A customs union is a kind of commercial treaty in which the signatory countries establish a common foreign commercial policy in order to be able to eliminate or suppress, in a certain way, the duty between those countries.
The objective that customs unions intend to achieve is to be able to take advantage of the efficiency derived from the international division of labor. In this sense, the consumers of the member countries that are influenced by this treaty will see an increased possibility of being able to buy products without having to pay tariffs for them. On the other hand, producers will also see how the market they direct their production is broader and more complex: there is more supply from competing companies.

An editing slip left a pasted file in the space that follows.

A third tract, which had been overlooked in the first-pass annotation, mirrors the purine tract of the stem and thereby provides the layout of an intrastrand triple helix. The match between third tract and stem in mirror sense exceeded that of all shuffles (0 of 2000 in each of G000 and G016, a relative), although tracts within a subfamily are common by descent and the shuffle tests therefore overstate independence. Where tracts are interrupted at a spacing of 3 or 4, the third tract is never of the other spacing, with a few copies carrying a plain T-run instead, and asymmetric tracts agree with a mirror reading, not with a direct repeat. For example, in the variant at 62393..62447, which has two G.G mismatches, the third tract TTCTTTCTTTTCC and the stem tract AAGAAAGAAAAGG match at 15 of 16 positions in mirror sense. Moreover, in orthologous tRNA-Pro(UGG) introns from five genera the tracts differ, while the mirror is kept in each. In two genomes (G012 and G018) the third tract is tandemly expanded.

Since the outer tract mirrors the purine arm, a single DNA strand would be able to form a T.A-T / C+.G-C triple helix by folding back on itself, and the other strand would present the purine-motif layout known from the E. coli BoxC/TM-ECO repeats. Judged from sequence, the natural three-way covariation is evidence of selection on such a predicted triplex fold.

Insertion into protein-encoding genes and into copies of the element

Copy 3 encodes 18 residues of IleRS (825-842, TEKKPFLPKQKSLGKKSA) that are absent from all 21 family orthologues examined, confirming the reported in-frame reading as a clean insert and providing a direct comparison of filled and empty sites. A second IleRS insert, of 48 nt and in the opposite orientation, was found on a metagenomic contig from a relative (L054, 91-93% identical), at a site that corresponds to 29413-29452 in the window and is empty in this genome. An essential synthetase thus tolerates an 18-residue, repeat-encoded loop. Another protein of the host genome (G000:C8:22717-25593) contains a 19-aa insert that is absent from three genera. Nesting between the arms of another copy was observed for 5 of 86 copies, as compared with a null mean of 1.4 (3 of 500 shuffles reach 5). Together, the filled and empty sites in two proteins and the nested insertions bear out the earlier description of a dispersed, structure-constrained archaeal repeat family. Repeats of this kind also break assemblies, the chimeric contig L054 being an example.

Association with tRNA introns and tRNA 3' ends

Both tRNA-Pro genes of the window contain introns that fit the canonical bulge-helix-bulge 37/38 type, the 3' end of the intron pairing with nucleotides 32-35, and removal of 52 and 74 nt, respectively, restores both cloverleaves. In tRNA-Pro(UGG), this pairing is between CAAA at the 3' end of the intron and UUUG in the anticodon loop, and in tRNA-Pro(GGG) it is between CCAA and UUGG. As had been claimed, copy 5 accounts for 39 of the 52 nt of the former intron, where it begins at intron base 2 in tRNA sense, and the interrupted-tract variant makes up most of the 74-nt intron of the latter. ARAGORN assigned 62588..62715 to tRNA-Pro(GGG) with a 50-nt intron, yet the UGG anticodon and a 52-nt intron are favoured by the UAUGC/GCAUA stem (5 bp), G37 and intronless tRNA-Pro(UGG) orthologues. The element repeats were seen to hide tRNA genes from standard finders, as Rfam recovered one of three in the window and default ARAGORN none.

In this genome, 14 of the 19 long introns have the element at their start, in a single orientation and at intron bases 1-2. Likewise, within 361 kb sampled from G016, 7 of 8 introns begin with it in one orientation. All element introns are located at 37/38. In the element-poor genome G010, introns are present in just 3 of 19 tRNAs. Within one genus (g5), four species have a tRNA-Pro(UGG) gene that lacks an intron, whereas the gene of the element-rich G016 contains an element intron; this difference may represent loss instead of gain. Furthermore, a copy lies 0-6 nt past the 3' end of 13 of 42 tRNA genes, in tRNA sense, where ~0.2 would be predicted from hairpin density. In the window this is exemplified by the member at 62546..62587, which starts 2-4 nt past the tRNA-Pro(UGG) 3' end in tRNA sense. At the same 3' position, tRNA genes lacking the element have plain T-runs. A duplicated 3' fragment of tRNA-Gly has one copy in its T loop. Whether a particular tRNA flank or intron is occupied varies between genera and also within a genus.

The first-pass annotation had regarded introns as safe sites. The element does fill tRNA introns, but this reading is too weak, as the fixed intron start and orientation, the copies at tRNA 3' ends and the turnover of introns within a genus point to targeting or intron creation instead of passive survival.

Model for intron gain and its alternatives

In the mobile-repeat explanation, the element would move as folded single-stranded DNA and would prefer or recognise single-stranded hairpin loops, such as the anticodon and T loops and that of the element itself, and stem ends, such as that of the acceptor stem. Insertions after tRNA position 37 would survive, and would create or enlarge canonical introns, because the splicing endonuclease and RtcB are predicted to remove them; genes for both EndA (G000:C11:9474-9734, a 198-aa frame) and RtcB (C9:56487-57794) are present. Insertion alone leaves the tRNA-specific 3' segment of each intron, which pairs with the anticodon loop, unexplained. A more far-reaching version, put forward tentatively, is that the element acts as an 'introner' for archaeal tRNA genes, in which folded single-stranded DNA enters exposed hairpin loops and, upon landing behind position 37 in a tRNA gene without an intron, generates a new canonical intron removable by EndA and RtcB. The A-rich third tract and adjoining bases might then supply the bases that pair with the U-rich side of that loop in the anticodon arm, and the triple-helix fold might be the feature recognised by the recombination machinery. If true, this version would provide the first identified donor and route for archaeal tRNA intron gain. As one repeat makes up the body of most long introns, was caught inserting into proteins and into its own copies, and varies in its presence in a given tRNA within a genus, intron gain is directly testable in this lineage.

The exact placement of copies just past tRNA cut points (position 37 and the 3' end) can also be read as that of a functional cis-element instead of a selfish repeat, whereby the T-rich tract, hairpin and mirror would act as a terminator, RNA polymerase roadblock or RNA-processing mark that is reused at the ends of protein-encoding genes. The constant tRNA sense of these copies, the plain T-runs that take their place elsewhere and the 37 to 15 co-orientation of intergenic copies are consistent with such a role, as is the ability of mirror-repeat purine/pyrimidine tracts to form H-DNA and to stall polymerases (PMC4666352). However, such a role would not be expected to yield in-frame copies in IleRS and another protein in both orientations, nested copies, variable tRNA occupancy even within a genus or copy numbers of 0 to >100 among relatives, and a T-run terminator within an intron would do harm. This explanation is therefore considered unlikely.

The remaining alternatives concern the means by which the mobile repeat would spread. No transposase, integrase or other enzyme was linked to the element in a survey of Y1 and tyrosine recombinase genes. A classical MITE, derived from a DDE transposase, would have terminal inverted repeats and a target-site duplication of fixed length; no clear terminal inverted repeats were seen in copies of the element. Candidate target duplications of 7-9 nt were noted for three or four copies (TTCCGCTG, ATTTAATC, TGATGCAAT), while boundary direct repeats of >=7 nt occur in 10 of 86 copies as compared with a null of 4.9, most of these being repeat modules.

If there is no customs union, the countries that exchange products with each other must establish appropriate border controls to allow the entry of products from one country to another. In the event that such a union existed, the controls would not be necessary, so that so many economic and human resources would not have to be spent in establishing these control measures between the countries that decide to exchange products. This is because these member countries will have the same foreign trade policy.
However, concepts must be qualified. In the event that freedom of transit is included production factors (labor and capital), we would be talking about the common market and not about the customs union.
Some examples of customs union, of the best known, is the Unión Europea, since there are no tariffs or trade barriers between the countries that comprise it. It is, therefore, a foreign trade policy common to all member countries.